This trend would continue throughout my life, with major emotional moments supported and enhanced by my time in a virtual village. Animal Crossing: Wild World was there when I was dealing with constant insomnia-inducing stress nightmares during my time in university, with soothing music and absolutely no judgment about my sleep patterns.

[embed: https://www.youtube.com/watch?v=_ITM1vFiV6U ]

My New Leaf town was a monument to the people I loved at the time: fruit trees from a visiting friend, rare Nintendo-specific items from my brother, and clothing and letters from my partner at the time. The town was also essentially abandoned during our breakup, left for Isabelle (the player’s Deputy Mayor and the newest addition to the Smash Bros. Ultimate roster) to run during my years-long absence.

I logged back in when the game updated two years ago. And although Isabelle remembered the exact number of days I had been gone, the damage wasn’t beyond repair. My house was filled with roaches, but they could be cleared out within a few minutes. The once-pristine fields of Fürville had become overgrown with weeds, but a helpful sloth would cheer you on as you removed them or, for a small fee, get rid of them all for you overnight. Friends would move away, but they’d always send a goodbye letter, and new villagers would be eager to greet you and start virtual relationships.

There is no way to win in Animal Crossing, but that also means there’s no way to lose. Life in your village goes on without you, but it always welcomes you back.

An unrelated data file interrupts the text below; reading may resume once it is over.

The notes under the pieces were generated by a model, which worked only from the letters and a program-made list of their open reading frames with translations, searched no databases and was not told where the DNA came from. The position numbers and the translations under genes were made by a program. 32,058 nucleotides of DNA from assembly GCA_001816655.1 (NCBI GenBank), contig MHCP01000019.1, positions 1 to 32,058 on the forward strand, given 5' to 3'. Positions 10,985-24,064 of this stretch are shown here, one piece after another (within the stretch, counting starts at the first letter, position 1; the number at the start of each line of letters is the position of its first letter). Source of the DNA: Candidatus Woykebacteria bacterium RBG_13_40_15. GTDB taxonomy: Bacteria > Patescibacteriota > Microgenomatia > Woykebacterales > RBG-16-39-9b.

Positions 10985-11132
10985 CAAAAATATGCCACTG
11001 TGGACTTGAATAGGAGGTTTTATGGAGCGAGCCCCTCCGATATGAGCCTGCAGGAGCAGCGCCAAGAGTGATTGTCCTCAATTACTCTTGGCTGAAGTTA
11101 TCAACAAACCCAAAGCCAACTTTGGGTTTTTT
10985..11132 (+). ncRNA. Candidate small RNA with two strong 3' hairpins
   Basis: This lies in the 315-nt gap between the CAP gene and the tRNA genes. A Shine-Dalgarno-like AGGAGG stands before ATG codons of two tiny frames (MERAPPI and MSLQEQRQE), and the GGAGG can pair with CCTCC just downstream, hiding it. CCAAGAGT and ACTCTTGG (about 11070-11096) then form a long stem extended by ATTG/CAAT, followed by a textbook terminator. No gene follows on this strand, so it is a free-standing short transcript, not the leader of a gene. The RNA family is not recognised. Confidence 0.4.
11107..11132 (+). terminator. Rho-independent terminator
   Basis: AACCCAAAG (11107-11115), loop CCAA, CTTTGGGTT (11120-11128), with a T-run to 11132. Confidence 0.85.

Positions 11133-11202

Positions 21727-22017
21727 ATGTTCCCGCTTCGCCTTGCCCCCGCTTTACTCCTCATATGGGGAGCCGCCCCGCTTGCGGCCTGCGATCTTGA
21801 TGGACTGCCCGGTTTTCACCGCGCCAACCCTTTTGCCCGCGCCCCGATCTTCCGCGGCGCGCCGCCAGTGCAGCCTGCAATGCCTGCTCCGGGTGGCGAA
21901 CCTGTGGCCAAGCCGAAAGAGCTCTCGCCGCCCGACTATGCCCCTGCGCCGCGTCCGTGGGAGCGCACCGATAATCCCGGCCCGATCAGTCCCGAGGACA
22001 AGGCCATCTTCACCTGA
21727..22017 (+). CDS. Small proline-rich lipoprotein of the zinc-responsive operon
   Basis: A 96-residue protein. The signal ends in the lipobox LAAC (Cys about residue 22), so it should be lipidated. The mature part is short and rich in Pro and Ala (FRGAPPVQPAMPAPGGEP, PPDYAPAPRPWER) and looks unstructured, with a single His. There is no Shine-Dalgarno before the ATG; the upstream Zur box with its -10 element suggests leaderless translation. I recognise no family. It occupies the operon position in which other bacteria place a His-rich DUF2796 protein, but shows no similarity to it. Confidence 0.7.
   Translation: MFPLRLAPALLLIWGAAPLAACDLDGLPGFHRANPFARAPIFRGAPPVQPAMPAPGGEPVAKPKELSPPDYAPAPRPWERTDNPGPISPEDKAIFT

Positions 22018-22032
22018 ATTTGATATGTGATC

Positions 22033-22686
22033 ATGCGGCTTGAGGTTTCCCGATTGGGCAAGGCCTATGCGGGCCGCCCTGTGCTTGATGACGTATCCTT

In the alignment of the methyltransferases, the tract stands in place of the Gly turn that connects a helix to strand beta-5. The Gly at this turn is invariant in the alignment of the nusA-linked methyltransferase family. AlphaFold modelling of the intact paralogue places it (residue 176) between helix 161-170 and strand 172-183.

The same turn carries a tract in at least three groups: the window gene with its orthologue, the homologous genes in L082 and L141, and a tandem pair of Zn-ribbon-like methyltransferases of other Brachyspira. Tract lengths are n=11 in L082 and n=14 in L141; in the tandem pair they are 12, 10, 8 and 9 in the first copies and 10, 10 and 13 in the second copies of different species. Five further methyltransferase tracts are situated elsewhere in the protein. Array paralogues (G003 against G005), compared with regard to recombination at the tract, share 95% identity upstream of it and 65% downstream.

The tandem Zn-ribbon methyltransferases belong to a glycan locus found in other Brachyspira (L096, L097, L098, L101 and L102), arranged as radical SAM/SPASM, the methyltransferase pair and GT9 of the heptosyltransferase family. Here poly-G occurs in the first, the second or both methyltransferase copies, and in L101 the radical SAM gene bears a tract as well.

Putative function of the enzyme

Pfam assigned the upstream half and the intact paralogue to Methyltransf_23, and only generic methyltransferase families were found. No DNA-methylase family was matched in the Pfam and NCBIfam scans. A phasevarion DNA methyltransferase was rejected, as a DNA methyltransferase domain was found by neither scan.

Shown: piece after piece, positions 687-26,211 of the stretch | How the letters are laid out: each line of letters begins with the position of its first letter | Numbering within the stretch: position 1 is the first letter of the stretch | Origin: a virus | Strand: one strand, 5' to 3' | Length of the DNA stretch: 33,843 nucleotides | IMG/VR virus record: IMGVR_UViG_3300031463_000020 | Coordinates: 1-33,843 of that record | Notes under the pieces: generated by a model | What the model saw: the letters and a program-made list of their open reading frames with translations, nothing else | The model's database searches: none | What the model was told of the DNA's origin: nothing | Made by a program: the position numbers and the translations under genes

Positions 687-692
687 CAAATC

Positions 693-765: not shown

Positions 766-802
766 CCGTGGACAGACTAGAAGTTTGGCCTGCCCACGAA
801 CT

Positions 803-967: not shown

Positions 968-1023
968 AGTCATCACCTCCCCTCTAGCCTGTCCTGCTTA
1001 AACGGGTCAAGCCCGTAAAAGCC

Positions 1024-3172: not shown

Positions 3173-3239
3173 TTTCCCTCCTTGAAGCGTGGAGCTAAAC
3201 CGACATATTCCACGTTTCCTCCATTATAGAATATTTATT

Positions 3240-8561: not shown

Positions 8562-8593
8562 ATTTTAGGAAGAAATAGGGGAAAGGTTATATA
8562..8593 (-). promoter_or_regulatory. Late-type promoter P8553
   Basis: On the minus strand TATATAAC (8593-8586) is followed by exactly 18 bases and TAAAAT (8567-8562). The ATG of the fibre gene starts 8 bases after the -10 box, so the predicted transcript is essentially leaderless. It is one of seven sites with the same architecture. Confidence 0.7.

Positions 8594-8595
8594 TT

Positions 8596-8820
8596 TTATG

A PLACE TO CALL YOUR OWN

The most valuable currency in Animal Crossing is time. An hour in the game is the same as an hour outside of it, so the game marches to the beat of your own life. At the same time, there is no real way to grind out progress in these titles, because they’re about patience; in fact, they seem to actively punish players who try to rush.

You cannot make a tree grow faster, but you’re liable to destroy your flower gardens or wear grass down into dirt paths by running through your town instead of walking.

You can have all the bells in the world, but you’re limited by the rotating daily stock at each of of the shops. You can catch bugs, go fishing and dig for fossils for hours each day, but you’ll still have to live through four real-world seasons to see them all. The game has its own pace, and you have to give into it if you want to get everything it has to offer. Few games are as capable of slowing us down, a trait that is sorely needed when everything else seems to be speeding up.

All of this — the emphasis on patience, the freeform approach to player agency, the overwhelming sense of forgiveness and kindness that stretches from the game’s systems to its text — combines to make a game that is, above all else, nice. And this commitment to niceness makes it an oasis of positivity in an increasingly reactionary and fragmented media landscape.

[embed: https://www.youtube.com/watch?v=kEJXS0MiKOA ]